Every investor would love to stumble upon the perfect stock. But will you ever really find a stock that provides everything you could possibly want?

One thing's for sure: You'll never discover truly great investments unless you actively look for them. Let's discuss the ideal qualities of a perfect stock, then decide if Family Dollar (NYSE:FDO.DL) fits the bill.

The quest for perfection
Stocks that look great based on one factor may prove horrible elsewhere, making due diligence a crucial part of your investing research. The best stocks excel in many different areas, including these important factors:

  • Growth. Expanding businesses show healthy revenue growth. While past growth is no guarantee that revenue will keep rising, it's certainly a better sign than a stagnant top line.
  • Margins. Higher sales mean nothing if a company can't produce profits from them. Strong margins ensure that company can turn revenue into profit.
  • Balance sheet. At debt-laden companies, banks and bondholders compete with shareholders for management's attention. Companies with strong balance sheets don't have to worry about the distraction of debt.
  • Money-making opportunities. Return on equity helps measure how well a company is finding opportunities to turn its resources into profitable business endeavors.
  • Valuation. You can't afford to pay too much for even the best companies. By using normalized figures, you can see how a stock's simple earnings multiple fits into a longer-term context.
  • Dividends. For tangible proof of profits, a check to shareholders every three months can't be beat. Companies with solid dividends and strong commitments to increasing payouts treat shareholders well.

With those factors in mind, let's take a closer look at Family Dollar.


What We Want to See


Pass or Fail?


5-Year Annual Revenue Growth > 15%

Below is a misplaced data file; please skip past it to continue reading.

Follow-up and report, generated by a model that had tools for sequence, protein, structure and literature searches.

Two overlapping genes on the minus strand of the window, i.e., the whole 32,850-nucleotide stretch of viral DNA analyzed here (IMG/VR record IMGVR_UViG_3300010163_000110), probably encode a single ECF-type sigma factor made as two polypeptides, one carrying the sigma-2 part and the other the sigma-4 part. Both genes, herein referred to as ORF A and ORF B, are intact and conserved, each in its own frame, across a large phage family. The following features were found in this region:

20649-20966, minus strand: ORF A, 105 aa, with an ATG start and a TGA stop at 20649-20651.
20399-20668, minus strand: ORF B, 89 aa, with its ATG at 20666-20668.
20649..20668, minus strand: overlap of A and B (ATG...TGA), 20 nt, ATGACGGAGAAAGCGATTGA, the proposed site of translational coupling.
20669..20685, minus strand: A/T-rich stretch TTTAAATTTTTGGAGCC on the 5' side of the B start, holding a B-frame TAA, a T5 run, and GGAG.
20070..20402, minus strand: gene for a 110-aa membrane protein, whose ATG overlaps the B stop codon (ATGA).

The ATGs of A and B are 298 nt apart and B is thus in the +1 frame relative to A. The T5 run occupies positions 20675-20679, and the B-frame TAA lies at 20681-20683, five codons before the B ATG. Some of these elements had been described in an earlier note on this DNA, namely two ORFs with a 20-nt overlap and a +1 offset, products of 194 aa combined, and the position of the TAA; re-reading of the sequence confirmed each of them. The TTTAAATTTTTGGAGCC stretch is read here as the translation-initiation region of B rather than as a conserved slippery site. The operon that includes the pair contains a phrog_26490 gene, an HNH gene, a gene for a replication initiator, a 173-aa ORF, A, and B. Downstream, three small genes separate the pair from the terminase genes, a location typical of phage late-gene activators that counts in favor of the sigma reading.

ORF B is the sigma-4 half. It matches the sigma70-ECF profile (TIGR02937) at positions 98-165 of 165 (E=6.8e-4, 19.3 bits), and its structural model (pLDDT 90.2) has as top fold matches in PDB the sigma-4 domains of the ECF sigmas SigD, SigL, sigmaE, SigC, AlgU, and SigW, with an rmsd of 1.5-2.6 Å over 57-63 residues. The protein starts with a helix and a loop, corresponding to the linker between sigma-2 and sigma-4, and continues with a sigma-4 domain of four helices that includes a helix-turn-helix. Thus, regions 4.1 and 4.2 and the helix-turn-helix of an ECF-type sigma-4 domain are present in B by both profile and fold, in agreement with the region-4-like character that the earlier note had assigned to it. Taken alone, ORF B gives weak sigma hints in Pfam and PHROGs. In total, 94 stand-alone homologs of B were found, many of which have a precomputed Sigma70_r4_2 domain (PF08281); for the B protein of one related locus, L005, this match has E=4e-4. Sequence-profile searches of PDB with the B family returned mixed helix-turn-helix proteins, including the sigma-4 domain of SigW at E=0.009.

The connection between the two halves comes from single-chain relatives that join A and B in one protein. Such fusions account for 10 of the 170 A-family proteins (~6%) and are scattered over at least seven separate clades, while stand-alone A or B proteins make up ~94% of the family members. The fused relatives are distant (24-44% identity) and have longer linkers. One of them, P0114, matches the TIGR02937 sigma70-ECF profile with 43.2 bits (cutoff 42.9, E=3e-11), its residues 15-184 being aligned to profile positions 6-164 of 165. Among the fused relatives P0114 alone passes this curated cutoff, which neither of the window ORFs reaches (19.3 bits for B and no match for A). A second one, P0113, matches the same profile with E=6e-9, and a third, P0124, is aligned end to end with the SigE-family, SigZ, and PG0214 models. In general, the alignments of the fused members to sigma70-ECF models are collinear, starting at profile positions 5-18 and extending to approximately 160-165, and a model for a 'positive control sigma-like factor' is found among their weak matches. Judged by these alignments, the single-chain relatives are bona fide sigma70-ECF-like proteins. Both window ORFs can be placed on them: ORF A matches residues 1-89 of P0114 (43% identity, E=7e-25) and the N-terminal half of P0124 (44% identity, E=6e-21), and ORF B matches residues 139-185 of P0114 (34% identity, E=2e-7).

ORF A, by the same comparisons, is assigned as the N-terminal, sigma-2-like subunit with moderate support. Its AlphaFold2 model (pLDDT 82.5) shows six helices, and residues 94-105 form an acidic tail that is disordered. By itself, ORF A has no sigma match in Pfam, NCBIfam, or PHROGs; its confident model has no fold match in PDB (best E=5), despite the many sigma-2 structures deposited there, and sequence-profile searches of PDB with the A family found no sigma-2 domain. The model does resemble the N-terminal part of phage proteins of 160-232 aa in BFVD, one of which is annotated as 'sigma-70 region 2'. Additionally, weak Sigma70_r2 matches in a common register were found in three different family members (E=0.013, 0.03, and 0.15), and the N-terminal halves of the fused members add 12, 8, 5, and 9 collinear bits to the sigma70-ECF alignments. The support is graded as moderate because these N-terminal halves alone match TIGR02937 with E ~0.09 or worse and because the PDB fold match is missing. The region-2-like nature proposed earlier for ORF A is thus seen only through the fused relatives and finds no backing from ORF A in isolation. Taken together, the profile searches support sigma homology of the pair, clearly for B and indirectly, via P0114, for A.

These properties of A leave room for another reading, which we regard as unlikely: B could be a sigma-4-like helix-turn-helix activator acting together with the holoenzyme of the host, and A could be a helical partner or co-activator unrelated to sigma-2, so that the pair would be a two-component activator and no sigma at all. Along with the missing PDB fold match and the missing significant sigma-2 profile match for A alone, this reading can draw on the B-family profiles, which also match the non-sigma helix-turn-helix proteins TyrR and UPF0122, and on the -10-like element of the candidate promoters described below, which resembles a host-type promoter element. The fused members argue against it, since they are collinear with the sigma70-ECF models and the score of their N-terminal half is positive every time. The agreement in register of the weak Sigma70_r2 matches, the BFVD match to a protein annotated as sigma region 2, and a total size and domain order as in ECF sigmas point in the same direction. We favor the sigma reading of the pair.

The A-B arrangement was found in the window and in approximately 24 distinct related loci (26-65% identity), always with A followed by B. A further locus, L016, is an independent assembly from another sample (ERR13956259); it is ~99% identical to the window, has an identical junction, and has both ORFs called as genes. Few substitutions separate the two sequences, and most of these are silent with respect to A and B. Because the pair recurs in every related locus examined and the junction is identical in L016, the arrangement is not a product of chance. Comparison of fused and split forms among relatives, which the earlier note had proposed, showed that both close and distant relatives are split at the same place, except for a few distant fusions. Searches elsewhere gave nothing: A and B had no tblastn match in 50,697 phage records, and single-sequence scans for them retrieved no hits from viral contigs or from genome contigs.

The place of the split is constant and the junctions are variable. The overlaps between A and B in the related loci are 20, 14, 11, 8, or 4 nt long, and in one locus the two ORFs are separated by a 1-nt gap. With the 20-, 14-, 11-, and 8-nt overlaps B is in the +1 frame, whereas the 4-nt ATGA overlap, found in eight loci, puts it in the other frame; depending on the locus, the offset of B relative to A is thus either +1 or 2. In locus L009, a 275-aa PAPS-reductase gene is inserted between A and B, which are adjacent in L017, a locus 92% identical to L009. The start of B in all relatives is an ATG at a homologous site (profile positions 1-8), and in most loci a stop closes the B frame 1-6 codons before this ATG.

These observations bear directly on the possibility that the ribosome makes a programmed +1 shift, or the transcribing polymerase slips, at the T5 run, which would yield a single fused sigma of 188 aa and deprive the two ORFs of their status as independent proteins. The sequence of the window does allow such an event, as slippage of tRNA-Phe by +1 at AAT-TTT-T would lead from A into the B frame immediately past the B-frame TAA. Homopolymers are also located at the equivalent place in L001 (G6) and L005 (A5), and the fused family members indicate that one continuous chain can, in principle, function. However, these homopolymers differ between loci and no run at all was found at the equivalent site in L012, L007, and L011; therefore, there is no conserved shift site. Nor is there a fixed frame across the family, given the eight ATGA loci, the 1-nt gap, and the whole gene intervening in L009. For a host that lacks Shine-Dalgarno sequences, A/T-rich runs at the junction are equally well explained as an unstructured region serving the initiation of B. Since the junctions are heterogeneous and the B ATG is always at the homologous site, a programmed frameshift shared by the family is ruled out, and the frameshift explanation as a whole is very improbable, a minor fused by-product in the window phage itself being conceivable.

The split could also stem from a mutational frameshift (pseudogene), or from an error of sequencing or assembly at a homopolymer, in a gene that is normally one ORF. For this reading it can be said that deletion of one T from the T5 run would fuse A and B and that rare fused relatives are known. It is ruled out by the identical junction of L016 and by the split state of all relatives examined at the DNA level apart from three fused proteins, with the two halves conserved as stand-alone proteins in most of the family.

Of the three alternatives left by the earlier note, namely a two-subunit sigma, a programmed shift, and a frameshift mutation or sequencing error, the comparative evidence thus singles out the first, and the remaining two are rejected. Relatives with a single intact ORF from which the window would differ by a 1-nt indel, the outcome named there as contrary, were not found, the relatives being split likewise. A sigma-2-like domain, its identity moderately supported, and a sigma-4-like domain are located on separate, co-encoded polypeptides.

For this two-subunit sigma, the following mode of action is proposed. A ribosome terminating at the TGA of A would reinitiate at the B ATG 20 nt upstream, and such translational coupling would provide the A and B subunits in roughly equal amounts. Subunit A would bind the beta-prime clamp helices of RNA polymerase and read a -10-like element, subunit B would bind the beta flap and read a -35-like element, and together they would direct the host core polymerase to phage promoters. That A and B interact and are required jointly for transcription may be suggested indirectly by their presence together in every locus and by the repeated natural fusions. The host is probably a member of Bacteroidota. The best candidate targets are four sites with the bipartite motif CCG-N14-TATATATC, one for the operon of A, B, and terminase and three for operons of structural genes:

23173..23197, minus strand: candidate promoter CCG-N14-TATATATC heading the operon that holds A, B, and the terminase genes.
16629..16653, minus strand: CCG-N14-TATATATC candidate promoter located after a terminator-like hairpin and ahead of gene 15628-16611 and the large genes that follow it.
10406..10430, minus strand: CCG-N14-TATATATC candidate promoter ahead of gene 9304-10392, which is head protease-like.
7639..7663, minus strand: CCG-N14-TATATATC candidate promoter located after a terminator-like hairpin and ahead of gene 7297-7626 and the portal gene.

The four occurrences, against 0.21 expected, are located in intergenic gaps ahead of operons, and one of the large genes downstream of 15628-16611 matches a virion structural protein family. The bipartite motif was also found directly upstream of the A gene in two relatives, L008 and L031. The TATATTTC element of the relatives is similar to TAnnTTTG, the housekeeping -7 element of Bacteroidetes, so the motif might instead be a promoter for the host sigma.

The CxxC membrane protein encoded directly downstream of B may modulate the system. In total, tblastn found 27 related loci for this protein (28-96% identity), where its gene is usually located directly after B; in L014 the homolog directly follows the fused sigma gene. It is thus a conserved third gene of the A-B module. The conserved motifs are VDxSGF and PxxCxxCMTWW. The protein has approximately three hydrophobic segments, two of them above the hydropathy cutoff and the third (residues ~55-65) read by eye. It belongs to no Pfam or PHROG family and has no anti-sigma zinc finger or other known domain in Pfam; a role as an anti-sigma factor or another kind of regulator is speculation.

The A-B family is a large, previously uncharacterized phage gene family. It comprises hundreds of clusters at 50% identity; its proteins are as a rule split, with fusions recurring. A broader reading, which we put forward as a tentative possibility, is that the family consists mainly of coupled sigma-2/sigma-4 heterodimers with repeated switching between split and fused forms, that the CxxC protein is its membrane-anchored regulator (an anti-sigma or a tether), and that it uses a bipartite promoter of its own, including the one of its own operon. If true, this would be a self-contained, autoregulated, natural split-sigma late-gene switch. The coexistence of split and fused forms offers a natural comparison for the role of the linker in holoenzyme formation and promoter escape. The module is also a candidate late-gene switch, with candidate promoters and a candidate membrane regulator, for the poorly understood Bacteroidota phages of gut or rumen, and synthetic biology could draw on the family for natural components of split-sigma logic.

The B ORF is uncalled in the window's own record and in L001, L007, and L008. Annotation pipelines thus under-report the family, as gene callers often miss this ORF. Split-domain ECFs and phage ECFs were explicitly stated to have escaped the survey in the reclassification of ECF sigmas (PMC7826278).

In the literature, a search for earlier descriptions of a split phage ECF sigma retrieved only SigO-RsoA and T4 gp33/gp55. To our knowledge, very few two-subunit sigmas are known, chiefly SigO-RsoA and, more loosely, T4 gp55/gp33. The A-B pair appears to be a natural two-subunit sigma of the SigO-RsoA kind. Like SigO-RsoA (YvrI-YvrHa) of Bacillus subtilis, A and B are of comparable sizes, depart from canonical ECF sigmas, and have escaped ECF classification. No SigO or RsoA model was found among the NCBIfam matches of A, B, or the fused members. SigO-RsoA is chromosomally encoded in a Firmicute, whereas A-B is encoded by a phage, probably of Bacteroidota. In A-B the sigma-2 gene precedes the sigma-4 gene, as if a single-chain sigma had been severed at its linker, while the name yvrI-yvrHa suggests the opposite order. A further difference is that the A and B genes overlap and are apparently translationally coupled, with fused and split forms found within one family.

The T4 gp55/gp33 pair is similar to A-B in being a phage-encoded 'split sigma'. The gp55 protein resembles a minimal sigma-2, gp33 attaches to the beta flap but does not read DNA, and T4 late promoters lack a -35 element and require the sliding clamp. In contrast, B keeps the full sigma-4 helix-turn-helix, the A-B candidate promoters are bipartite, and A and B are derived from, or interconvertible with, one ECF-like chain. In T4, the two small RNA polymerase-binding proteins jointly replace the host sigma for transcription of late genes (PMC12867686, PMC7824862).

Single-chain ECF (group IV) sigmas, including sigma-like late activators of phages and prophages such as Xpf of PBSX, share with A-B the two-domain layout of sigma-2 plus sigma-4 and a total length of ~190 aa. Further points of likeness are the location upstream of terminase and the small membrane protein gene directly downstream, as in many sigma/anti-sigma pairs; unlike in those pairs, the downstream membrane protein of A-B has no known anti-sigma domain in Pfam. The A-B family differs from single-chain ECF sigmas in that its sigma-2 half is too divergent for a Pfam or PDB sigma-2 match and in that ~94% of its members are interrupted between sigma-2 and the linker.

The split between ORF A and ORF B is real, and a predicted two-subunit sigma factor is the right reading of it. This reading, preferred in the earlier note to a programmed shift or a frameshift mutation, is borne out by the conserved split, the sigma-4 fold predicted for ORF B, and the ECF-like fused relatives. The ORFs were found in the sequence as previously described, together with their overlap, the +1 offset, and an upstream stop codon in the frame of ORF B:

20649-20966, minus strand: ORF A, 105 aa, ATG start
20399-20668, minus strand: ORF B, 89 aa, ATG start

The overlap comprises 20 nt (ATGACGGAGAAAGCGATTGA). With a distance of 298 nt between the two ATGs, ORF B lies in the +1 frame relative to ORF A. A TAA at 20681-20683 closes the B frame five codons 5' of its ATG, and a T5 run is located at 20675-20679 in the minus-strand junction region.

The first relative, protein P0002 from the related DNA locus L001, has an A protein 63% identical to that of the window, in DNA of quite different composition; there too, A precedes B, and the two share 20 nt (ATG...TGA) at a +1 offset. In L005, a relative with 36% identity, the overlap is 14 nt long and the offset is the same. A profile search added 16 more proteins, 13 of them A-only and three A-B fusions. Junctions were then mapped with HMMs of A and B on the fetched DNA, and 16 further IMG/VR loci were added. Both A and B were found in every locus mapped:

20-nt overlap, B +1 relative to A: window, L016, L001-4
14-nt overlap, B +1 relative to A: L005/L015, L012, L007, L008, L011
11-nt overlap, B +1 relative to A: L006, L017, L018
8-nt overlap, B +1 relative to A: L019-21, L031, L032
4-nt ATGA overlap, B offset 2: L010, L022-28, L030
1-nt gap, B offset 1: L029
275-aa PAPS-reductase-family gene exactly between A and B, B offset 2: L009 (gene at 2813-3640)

1-Year Revenue Growth > 12%




Gross Margin > 35%




Net Margin > 15%



Balance Sheet

Debt to Equity < 50%




Current Ratio > 1.3




Return on Equity > 15%




Normalized P/E < 20




Current Yield > 2%




5-Year Dividend Growth > 10%




Total Score


5 out of 10

Source: S&P Capital IQ. Total score = number of passes.

Since we looked at Family Dollar last year, the company hasn't been able to regain the point it lost from 2010 to 2011. But the stock has done pretty well, rising about 20% over the past year.

Family Dollar's business model is easy to understand. Along with peers Dollar General (NYSE:DG) and Dollar Tree (NASDAQ:DLTR), Family Dollar strives to carry low-end inventory and sell it at attractive prices that nevertheless include huge markups. During the previous recession, that business model was extremely successful, as cash-strapped shoppers looked for any edge they could get and vaulted the deep-discount retail segment into the limelight in a major way.

The problem with Family Dollar, though, is that competitors have figured out its strategy and are moving to take on the company head-on. With industry peer Big Lots (NYSE:BIG) and even drugstore retailer CVS Caremark (NYSE:CVS) taking steps to try to capture the highest-margin business that sustains dollar-store profitability, Family Dollar will face an increasingly difficult road ahead to try to maintain the current favorable conditions in the retail industry that have made it so successful.

In its most recent quarter, Family Dollar posted extremely promising sales and earnings gains, with comparable store sales growing 5.4% and earnings rising strongly. Yet analysts still fear that without sustained economic weakness, Family Dollar won't be able to grab new customers from rival chains targeting higher price points, and therefore that growth will be subdued going forward.

To improve, Family Dollar would benefit from a new economic slowdown. Yet with shares priced at fairly high levels, investors seem already to be anticipating ongoing weakness, making Family Dollar a speculative play going forward.

Keep searching
No stock is a sure thing, but some stocks are a lot closer to perfect than others. By looking for the perfect stock, you'll go a long way toward improving your investing prowess and learning how to separate out the best investments from the rest.

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This article represents the opinion of the writer, who may disagree with the “official” recommendation position of a Motley Fool premium advisory service. We’re motley! Questioning an investing thesis -- even one of our own -- helps us all think critically about investing and make decisions that help us become smarter, happier, and richer.